Fourth, Harris asserts that Indian election campaigns are “often fueled by hate and soaked in blood.” This is false. Indian election campaigns involve more patronage and bribery than intimidation and violence. The dynasties that run India maintain cordial relations with each other because they have to forge coalitions to form governments after elections in an increasingly fragmented society.
Fifth, Harris does a hatchet job on Modi, calling him a “Hindu chauvinist accused of mass murder” who shies away from western media. Modi’s record in the 2002 Gujarat riots is far from exemplary and many hold him personally liable for the unrest. He certainly does shy away from western media and has yet to grant an interview to Fair Observer — despite the fact that his staff has evinced an interest in scheduling an interview with the journal.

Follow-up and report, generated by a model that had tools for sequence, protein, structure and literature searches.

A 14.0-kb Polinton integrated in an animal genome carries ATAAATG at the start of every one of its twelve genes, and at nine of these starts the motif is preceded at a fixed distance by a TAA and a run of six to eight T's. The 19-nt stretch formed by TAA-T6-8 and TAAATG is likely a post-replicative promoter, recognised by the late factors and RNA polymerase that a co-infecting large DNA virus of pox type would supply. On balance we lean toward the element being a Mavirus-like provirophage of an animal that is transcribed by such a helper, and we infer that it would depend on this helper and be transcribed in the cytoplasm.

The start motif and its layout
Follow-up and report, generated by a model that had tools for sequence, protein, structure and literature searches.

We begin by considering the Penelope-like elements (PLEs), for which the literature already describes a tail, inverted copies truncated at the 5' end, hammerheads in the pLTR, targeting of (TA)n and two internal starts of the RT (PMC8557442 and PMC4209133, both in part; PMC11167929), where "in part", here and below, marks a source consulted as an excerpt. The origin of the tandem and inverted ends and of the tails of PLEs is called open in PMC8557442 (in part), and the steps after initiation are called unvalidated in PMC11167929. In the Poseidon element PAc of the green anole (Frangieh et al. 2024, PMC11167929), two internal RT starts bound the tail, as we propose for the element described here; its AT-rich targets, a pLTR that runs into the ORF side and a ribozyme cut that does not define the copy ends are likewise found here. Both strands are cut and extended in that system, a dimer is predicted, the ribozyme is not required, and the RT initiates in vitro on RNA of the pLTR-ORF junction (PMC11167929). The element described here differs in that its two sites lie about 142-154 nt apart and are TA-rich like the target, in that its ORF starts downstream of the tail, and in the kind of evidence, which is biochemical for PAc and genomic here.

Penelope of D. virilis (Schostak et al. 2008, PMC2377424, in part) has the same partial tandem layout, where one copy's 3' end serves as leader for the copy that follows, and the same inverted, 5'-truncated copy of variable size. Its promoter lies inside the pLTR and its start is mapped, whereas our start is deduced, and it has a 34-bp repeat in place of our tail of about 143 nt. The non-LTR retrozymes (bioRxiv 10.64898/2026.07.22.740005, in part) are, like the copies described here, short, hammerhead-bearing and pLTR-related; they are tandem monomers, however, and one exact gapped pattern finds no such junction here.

However, other political parties are no different and their record, whether on riots or on access to the media, is no better than Modi’s. Harris fails to mention that Sonia and Rahul Gandhi, the Italian widow who married Nehru’s grandson and her son, rarely give interviews to either Indian or western media. He also fails to highlight their reputation for corruption and nepotism, or refer to their party’s role in conducting a pogrom of the Sikh community in 1984. Harris also fails to recognize that some of the worst riots have taken place under the Nehru family, which often turns a blind eye to such violence if party loyalists are involved.